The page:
‘The machine is temperamental, so when you thread the microfilm through, don’t be surprised if it won’t stay put. We use this little sellotape tab to hold it in place, but it doesn’t always work.’
I look around at the other machines. ‘Should I use another one?’
‘Oh no. They’re actually broken.’
I am in Bristol Central Library. They’ve recently suffered funding cuts and can’t afford new machines, so really this could be any library. I am here to research the local Jewish community for an exhibition.  See? I tweeted about it, which makes it Proper Research With Impact, and also Networking.
As part of my creative and critical writing Ph.D at the University of East Anglia, I wrote a post-Holocaust novel. My research depended upon digital avenues – online collections like the Jewish Virtual Library, where you can walk through any Jewish cemetery in the world – and out-dated technologies that were necessary to access the material promised by online catalogues. VHS tapes. Microfiche. Rooms decorated with dusty Tesla Dynamicky Mikrofons. The research for this exhibition is similar, using the local archive’s online catalogue as a road map, which today has led me here, to the library’s nineteenth century newspaper collection.
I load the microfilm for the Bristol Daily Times and Mirror, 1867, January-December. I am looking for an obituary. Joseph Abraham, the first Jewish Mayor of Bristol, died on a Thursday. It was the 31st of January 1867. I try to load the news of his death, and the black film tongue snaps at me three times in a row, spitting out the sellotape meant to placate it. The librarian senses my anxiety on her special librarian wavelength and comes to help, clunking and cajoling and side-thumping the machine, as if trying to get an elderly relative to cough up a bone. I wince, wanting to hold the machine’s hand.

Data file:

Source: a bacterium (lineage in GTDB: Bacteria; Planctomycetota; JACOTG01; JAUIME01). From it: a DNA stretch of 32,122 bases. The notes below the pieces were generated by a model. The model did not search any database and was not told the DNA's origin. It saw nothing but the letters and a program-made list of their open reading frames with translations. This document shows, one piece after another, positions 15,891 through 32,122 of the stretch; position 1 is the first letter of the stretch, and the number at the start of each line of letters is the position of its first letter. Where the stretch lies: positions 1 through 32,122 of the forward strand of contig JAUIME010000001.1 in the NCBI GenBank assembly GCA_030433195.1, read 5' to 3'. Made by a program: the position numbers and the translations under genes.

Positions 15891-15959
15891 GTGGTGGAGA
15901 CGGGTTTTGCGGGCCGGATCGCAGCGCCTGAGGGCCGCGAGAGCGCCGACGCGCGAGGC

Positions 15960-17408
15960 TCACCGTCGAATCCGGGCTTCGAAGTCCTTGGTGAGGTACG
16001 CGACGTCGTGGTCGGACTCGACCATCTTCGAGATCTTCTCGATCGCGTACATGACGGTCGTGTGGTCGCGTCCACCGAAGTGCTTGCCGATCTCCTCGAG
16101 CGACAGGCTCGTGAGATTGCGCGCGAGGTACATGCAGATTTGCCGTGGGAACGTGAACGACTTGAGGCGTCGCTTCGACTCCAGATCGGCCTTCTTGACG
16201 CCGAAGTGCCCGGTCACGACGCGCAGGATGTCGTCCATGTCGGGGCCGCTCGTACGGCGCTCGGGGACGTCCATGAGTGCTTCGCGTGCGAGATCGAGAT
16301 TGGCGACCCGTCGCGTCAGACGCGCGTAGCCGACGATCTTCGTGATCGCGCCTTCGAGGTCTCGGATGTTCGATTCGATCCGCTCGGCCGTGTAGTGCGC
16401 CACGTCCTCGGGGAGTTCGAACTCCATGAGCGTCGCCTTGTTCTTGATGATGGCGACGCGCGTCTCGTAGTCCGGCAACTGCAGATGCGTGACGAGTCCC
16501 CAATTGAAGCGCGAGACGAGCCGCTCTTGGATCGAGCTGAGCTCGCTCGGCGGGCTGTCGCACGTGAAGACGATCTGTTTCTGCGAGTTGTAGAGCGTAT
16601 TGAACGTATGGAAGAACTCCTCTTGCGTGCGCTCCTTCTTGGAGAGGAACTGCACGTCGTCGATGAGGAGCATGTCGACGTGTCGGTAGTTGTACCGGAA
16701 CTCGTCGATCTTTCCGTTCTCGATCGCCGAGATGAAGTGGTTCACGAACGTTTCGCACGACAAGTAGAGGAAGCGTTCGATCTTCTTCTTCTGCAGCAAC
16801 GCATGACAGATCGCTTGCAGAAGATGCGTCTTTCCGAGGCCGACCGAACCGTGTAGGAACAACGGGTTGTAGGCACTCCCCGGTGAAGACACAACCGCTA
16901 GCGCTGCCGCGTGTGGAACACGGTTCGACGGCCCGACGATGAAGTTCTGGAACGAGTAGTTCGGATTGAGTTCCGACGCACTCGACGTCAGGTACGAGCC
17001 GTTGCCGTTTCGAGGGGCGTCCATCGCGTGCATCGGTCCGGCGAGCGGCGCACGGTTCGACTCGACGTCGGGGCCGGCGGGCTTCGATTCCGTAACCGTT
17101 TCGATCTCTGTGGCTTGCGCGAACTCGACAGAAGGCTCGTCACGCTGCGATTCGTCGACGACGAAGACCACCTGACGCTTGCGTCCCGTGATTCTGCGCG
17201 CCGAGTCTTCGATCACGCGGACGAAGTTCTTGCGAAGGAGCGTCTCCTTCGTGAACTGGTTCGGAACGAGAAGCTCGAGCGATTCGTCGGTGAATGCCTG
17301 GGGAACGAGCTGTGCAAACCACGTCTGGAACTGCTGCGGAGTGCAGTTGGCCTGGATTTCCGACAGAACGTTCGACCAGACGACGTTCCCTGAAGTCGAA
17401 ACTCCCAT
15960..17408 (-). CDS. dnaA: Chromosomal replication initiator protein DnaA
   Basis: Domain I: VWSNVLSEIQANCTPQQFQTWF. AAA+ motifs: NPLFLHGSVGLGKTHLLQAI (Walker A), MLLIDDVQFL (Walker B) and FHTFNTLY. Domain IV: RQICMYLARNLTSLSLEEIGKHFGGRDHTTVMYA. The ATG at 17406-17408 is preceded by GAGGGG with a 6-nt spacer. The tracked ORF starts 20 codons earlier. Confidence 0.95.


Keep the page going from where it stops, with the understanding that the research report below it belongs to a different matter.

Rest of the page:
I am as old as the Internet. The fifteen-minute dial-up tone sound-tracked my childhood. Researchers my age bridge the divide, seeking direct contact with material evidence, and immediate access. The value of touch begins young, with mud pies. The care of shaping, the joy of hurling. Second hand shops provide the same desire for evidence left under the fingernails in teenage years. Dusty, inky fingers. Reverence given to anything and everything that interested me, a devout consumer of analogue transcripts of the past. Give me Penguin paperbacks. Give me flaking dictionaries. Give me binding. And yet: give me the safety and accessibility of the immaterial. Give me entry to archives in Prague from my bedroom. Give me search functions. Give me the ability to Google death days and birthdays. Give me a nineteenth century newspaper on a screen, not film I can scratch irreparably.
The sellotape holds. The microfilm is in place. It is January 1st, 1867. Advertisements for fine wares get the first inch of the year. Then ships, then wars. I nudge the lever. The scrolling is violent, sudden, eager. I release the lever. Time judders to a stop, January 20th already. The future stops loading.
Joseph Abraham was a member of Bristol Common Council from 1861 to 1867, and elected mayor on the 9th of November 1865, thirteen years before Jews were allowed to sit in Parliament in the UK. Abraham was one of the first Jews in Bristol to straddle the divide between Jewish and Gentile life. In the archives, I had been thrilled to find a lease for a warehouse Abraham took over for his Wine and Spirit Merchants business. I read too much into the conviviality of his signature. I liked him.